In 2018, Adidas stunned the world with its first-ever 3D printed shoe Alphaedge 4D. Gillette introduced the Razor Maker platform, which uses Formlabs Form 2 3D printers to provide unique and highly personalized razors to their customers. And Lufthansa is investing in 3D printed aircraft parts.
If we take a look at our surroundings, we can see the vast potential that 3D printing technology can create. However, 3D printing technology has an impact in unexpected industries. Not only can a 3D printer create that new shoe or that exciting prototype, but it can also have incredible potential in dietary supplements, medicine and environmental sustainability.
As the founder of the $100 million Longevity Vision Fund, which is dedicated to accelerating life extension breakthroughs, here's why I believe 3D supplement printing may be the next trend in longevity.
Applications In Dietary Supplements
The world of fitness, health and wellness is aggressively pursuing the ability to mass-personify. You can see examples of this on Instagram, which is filled with countless health, fitness and wellness apps promising customized, unique-to-you products, services and meal plans. One standard product is health supplements. And 3D printing has a unique role in providing personalized supplements.
Health supplement firms are finding methods to customize supplements and hyper-target consumers' specific dietary needs and timing of the release. For example, if you are doing an intermittent fast and you plan on skipping breakfast and sleeping early, then you might want a vitamin that delivers caffeine and nutrients in the morning and relaxation and sleep-promoting herbs at night.
Multiply Labs is one of the health care supplement pioneers in the U.S that offers just that.
The company "prints" your personalized supplements, which are promised to time-release the necessary nutrients based on your needs and routines. The time-release component is achieved by 3D-printing a capsule with varying thickness. The theory is that if part of the tablet is thin, it will release the compound within 30 minutes. If it's thick, it releases in two hours, thereby achieving the desired time-specified release of nutrients.
Another company offering similar hyper-targeted health supplements is Nourish3d. Nourish3d provides a subscription option of vegan, sugar-free, made-to-order "stacks." The stacks look and taste like gummies and can be customized to your lifestyle and goals.
For example, busy, stressed business professionals can choose "The High Flyer Stack" to improve concentration, relieve stress and reduce nausea. (Maybe from all of those meetings?) Vegans can take advantage of "The Plant-Based Power Stack," which contains vitamins and superfoods to help enhance their diet.
Applications In Medicine
If we can print targeted and time-specific supplements, then it's not a big leap to soon be able to do so with pharmaceutical medicine as well.
Similar to the health supplements, doctors will be able to prescribe and provide specific, customized and potentially time-controlled dosages specific to each patient's body components.
The time-release innovation can also significantly impact the management of chronic conditions, such as high blood pressure and diabetes.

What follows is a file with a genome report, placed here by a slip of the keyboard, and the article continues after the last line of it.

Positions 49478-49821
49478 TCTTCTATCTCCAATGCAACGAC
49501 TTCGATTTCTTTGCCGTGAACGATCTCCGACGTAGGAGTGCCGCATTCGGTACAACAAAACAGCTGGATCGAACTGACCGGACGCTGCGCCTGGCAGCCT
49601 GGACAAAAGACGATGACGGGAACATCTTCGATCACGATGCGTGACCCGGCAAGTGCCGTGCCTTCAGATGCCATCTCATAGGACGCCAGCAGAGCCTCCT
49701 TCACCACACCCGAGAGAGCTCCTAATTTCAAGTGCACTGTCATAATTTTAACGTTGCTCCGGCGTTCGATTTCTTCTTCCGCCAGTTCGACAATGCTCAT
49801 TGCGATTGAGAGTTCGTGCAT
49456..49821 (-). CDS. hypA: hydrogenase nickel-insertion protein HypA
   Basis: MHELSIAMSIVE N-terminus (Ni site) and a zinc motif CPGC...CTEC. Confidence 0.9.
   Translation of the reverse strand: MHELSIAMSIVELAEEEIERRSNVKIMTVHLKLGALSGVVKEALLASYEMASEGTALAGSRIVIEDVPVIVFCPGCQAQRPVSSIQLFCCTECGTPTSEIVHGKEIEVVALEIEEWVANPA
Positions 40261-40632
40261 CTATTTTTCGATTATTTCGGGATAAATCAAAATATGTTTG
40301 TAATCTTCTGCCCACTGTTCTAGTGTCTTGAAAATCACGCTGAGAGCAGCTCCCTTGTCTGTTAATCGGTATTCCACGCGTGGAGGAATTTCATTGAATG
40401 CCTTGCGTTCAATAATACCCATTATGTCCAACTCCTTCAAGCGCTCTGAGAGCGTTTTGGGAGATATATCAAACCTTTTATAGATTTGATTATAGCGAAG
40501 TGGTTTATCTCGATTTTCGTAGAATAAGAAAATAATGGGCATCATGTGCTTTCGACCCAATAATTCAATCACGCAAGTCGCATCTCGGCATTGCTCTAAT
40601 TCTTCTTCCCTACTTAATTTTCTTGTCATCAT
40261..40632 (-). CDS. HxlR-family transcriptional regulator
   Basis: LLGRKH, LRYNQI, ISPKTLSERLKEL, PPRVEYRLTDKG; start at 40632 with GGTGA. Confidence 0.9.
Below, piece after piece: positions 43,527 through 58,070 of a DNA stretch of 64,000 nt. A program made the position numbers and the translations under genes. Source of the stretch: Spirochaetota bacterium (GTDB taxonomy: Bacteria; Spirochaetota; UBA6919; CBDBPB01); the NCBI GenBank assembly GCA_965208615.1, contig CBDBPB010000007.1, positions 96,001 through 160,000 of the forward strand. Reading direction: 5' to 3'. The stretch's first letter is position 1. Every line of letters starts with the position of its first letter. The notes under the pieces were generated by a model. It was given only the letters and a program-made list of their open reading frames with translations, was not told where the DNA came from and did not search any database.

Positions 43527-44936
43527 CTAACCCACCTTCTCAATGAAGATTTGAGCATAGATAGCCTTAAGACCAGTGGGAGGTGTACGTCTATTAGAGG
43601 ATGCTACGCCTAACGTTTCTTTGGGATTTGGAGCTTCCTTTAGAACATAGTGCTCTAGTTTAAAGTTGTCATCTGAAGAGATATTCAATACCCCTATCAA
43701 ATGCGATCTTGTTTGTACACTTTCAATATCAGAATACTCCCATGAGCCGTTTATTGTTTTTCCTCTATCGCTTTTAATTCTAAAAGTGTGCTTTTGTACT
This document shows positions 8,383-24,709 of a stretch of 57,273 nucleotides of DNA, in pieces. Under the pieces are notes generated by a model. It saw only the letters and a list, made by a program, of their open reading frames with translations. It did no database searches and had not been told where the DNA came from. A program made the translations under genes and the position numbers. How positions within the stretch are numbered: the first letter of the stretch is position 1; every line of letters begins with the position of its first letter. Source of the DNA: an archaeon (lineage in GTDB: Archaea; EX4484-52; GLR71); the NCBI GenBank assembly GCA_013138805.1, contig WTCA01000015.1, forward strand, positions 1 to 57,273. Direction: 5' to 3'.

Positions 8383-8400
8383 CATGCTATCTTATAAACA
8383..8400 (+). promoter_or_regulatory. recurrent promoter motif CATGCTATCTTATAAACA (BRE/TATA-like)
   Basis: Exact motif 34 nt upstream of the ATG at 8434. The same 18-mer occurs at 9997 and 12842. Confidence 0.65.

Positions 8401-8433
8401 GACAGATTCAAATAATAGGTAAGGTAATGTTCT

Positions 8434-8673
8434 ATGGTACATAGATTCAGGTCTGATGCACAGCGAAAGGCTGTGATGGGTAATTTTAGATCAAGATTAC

In the United States, one out of every three adults has high blood pressure. Patients with high blood pressure face complicated and difficult therapy regimens. This is because patients are sometimes prescribed multiple high blood pressure medications with different dosages, side effects and methods to lower blood pressure. The complexity in drug and drug regimen leads to poor adherence, which is associated with increased risks of coronary and cerebrovascular events.
While an estimated 33% of adults in the United States have high blood pressure, 10% of the entire U.S. population is diagnosed with diabetes. For patients with diabetes, drug regimes can be highly individualized and complex. For example, one study found that Type 2 diabetes patients were prescribed 8.6 pills per day on average. Similar to nonadherence with blood pressure medication, at least 45% of Type 2 diabetes patients fail to achieve glycemic control due to inadequate medical adherence.
If we can offer one simple 3D-printed medication that combines different dosages, we can significantly improve nonadherence.
One underlying consequence of both health supplements and medicine capsules is enormous environmental damage. On-demand 3D printing of supplements and drugs could help cut down on financial and ecological waste from medicines that have spoiled, been over-prescribed, discontinued or expired.
For example, back in 2008, an Associated Press investigation revealed that "U.S. hospitals and long-term care facilities annually flush millions of pounds of unused pharmaceuticals down the drain, pumping contaminants into drinking water." At the same time, individual cancer drug vials contain larger doses than patients need. Once a patient uses the necessary amount, the rest of the medication is discarded. This has led to an estimated $3 billion of unused cancer drugs being thrown away each year.
3D printed cancer drugs can customize the exact amount of dosage the patient might need or combine multiple dosages into one pill. This cuts down on the unused and discarded medications.
In summary, not only can we 3D print shoes, razors, and even aircraft doors, but we can also print personalized vitamins and hyper-targeted medication in a way that is good for our environment.
First published on Forbes
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